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DEAR DR. ROACH: My very healthy husband collapsed and died on the way to the hospital. They worked on him for a long time but could not revive him. They didn't do an autopsy, and they declared his death as "atherosclerotic vascular disease." He was 79 years old and had no health problems. He came into the house and said that something was in his throat and he couldn't swallow. He tried to cough it up, but nothing came up. He then collapsed. He had no pain. I am still puzzled by that symptom of a heart attack. Have you ever heard of that? I am really curious and still in shock. I hope you can explain. — T.S.

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DEAR DR. ROACH: I am a man in my late 50s. I now am told to sleep on my right side and not my left side, because it's better for the heart. However, my sinuses seem to open up and it's easier to breathe lying on my left side. What, if anything, will happen if I sleep on my left side? Can it damage the heart permanently or lead to an early death? — M.N.

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DEAR DR. ROACH: I am a 75-year-old man in excellent overall health. Routine bloodwork recently showed an elevated potassium level of 5.6. For the most part, I follow a vegetarian diet, which includes a number of very healthy foods that also happen to be high in potassium. I exercise regularly. Two years ago, my level was 4.9. My cardiologist stopped my metoprolol, as he said that could have pushed up the potassium, and he felt that based on my routine tests it was safe to stop it. I also stopped the 500-mg turmeric supplement I was taking, as a precaution. I take no other drugs.

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If you watch the news, you might have seen there's a proposal underway that would allow states to import prescription drugs from Canada, where costs are lower. Drugs are cheaper in other countries because their governments control the prices.

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DEAR DR. ROACH: My question is about symptoms for women's heart attacks. I have always heard that symptoms for women can be much different from men's. Instead of the chest-clutching, sharp pain that men can have, I have read that women's symptoms can be any of these: heartburn or indigestion; pain in the jaw, neck, shoulders, back, one or both arms; fatigue and troubled sleep; dizziness and nausea; or extreme anxiety. Are you KIDDING me? I am a healthy, active 63-year-old woman. I have had all of these symptoms at one time or another. If I acted every time I had one of these symptoms, I would be at the doctor's office every day. How is one to know which symptoms to take seriously and act on immediately, and which to wait a few days to see if it is temporary? — J.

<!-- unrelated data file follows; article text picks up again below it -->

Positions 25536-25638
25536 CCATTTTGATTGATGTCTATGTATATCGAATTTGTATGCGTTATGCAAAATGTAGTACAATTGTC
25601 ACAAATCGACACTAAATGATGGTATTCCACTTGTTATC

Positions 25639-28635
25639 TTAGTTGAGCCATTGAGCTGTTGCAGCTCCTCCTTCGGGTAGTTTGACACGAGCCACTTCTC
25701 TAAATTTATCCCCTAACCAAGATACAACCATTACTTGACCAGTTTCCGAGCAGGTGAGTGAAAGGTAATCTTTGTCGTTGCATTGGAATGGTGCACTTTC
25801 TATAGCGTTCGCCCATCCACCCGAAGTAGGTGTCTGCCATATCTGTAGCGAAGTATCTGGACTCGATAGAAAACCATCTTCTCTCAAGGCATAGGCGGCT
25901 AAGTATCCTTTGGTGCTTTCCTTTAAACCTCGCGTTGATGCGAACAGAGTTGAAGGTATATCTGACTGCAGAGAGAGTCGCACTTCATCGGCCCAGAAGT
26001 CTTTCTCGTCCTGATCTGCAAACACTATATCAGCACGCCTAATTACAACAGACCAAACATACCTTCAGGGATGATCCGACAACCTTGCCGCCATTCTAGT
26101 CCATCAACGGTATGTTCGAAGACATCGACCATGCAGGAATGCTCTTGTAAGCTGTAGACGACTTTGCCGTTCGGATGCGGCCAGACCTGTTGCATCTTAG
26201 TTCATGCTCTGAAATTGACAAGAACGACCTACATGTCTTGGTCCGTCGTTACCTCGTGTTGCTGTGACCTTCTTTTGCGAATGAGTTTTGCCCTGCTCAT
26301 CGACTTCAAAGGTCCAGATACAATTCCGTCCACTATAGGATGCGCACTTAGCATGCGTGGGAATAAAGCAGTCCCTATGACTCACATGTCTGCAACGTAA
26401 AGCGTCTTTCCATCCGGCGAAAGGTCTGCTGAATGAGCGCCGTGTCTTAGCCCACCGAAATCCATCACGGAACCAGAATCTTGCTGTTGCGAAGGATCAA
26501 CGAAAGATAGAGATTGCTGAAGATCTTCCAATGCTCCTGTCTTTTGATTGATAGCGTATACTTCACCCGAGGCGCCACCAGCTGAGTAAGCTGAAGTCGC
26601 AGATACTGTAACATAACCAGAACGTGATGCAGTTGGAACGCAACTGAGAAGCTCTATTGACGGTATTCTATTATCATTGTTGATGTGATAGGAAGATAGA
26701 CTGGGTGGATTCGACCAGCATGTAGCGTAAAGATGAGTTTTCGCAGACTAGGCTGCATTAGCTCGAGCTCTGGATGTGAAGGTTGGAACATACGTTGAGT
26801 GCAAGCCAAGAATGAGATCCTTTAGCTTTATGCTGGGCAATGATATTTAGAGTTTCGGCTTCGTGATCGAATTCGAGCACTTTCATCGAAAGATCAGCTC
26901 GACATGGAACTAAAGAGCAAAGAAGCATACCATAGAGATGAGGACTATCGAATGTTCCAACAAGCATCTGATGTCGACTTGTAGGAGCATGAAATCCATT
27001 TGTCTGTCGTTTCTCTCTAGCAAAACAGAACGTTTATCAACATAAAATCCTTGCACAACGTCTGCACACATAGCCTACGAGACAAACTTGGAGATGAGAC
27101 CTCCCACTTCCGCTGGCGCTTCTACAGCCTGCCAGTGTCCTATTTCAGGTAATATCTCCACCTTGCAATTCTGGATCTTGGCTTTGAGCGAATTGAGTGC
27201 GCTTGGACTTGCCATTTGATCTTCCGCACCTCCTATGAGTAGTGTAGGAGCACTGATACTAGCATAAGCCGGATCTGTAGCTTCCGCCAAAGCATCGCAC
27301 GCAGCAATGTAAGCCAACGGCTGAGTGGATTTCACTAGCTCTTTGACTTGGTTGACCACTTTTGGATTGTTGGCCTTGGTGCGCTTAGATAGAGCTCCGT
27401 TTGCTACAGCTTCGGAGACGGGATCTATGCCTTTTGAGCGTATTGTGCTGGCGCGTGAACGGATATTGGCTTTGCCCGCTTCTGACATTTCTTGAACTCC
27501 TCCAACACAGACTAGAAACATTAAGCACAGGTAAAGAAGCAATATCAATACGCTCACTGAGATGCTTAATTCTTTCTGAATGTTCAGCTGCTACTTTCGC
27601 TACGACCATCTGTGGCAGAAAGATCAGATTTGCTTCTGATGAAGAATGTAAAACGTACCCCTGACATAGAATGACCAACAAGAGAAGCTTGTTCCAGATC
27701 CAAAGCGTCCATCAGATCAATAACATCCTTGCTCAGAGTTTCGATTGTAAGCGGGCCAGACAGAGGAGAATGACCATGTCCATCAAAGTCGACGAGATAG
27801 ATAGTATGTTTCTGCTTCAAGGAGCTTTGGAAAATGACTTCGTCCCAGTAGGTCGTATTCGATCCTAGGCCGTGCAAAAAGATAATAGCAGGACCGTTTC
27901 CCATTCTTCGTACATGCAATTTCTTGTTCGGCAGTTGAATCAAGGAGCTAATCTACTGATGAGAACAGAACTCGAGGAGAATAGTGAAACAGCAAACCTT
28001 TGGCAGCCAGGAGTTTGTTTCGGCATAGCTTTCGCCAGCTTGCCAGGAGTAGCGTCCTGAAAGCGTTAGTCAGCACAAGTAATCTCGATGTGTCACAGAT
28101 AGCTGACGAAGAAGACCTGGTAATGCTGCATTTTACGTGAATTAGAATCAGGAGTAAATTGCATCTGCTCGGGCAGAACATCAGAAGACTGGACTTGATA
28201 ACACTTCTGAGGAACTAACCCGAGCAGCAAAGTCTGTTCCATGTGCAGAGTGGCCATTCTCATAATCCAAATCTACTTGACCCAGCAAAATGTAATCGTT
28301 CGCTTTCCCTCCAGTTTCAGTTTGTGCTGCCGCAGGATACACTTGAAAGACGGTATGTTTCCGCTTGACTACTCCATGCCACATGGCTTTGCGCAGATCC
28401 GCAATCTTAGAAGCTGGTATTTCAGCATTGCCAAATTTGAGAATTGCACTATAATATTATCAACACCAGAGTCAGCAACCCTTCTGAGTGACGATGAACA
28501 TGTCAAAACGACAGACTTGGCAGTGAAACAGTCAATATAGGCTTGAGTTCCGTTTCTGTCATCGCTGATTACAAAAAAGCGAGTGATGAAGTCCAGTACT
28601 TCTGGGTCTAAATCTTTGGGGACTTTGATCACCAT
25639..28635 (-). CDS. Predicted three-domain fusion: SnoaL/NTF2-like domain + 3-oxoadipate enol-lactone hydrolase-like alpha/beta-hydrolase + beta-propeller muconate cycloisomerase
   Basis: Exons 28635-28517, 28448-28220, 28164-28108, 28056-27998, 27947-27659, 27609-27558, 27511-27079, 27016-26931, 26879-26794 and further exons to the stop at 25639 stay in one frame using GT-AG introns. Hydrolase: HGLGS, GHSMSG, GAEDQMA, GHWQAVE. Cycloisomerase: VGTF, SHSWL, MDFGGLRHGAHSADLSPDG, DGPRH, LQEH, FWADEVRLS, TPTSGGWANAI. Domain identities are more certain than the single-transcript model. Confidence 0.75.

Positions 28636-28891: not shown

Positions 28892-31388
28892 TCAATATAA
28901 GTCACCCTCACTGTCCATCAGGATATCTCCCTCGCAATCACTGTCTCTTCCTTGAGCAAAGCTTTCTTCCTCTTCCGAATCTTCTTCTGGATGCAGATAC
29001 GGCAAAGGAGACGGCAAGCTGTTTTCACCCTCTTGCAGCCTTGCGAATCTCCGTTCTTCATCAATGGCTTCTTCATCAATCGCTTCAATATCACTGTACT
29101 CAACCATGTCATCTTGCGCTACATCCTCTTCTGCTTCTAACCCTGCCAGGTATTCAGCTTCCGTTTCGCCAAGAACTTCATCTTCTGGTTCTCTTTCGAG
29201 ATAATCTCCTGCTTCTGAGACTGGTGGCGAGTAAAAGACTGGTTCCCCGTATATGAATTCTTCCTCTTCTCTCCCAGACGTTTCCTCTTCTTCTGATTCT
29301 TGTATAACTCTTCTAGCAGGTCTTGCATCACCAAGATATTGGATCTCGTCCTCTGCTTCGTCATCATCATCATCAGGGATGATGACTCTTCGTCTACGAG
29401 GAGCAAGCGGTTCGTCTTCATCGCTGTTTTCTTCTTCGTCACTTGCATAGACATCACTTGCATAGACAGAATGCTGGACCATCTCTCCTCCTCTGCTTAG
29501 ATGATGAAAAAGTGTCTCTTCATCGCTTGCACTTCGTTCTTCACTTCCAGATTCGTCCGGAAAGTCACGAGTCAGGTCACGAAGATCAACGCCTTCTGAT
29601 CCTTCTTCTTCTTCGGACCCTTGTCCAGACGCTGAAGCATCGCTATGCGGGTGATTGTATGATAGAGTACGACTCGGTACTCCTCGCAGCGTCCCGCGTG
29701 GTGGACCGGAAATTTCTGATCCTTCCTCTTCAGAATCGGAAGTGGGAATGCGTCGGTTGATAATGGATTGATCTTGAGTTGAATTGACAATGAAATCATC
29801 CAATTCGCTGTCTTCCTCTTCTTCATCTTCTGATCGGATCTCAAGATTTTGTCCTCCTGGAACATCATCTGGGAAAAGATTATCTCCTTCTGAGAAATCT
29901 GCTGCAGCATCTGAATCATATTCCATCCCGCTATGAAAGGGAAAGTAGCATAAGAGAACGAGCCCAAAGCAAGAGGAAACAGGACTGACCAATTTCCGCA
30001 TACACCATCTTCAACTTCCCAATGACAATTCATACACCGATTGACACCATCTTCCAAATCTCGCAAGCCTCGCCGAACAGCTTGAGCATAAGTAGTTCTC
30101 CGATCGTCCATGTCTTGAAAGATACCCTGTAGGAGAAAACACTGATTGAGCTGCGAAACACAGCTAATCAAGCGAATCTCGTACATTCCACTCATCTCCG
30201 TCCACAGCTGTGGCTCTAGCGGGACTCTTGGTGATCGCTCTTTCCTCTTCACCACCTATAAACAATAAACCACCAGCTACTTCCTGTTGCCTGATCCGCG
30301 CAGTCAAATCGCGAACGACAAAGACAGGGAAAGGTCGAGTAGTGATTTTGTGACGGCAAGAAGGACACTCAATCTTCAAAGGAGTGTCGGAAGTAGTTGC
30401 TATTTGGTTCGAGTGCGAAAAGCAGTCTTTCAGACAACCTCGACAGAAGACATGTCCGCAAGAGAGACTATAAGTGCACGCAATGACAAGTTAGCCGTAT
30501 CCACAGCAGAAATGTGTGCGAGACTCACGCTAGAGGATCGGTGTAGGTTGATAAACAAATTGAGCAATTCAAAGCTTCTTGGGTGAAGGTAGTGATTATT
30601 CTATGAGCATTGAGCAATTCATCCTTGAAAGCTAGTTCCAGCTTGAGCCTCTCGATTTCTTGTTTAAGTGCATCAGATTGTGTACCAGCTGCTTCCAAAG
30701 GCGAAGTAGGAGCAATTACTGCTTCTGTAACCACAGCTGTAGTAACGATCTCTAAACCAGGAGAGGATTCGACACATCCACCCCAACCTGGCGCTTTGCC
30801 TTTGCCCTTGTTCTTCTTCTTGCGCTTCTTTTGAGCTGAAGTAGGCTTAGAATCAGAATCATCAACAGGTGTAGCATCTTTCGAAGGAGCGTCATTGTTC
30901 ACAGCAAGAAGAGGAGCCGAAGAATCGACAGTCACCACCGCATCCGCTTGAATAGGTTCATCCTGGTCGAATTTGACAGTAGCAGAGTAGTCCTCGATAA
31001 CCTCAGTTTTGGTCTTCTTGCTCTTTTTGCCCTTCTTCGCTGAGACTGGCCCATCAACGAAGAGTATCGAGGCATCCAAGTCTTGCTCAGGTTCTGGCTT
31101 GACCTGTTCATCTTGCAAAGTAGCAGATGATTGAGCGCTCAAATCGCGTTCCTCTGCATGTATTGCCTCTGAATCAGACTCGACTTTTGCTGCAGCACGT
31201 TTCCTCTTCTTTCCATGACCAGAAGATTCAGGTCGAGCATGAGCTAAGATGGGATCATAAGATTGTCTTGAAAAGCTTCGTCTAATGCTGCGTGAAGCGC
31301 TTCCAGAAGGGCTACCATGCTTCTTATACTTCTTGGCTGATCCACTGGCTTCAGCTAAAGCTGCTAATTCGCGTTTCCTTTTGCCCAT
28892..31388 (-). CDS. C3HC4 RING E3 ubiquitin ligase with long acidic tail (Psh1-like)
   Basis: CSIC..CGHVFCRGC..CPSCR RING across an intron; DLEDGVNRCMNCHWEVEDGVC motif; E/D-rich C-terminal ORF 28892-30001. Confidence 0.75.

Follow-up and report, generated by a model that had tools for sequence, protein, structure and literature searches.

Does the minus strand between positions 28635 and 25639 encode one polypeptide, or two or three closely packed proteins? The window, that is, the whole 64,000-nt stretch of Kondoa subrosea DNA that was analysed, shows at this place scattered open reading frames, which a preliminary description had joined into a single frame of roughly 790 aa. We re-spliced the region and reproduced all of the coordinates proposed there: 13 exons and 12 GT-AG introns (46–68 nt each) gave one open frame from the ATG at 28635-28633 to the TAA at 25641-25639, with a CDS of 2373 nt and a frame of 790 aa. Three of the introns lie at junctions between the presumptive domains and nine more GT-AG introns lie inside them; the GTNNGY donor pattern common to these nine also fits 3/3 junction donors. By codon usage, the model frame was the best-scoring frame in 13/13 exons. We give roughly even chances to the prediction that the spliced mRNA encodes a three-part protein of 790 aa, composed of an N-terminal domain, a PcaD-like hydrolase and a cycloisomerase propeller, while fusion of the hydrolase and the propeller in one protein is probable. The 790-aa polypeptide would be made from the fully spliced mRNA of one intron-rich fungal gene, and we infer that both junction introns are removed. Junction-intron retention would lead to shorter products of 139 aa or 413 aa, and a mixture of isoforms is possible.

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DEAR DR. ROACH: Something's been puzzling me. I'm a 71-year-old female, and my cholesterol tends to hover around the 240 mark. However, I had to give up bread for several weeks due to oral surgery, and my next blood test results showed my cholesterol had plummeted 40 points, to 206. (I actually had them double-check, since I thought they had given me someone else's report!) I asked my doctor about this, but he didn't know of any reason for it to happen. My husband thinks it may have something to do with the yeast. Do you have any ideas? — R.R.

NATIONAL HEALTH NEWS

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A Florida judge denied custody to the parents of a 4-year-old boy with leukemia after their struggle with the state over giving him chemotherapy. Noah McAdams was removed from his parents, Taylor Bland and Joshua McAdams, when they skipped a chemotherapy session and left the state in pursuit…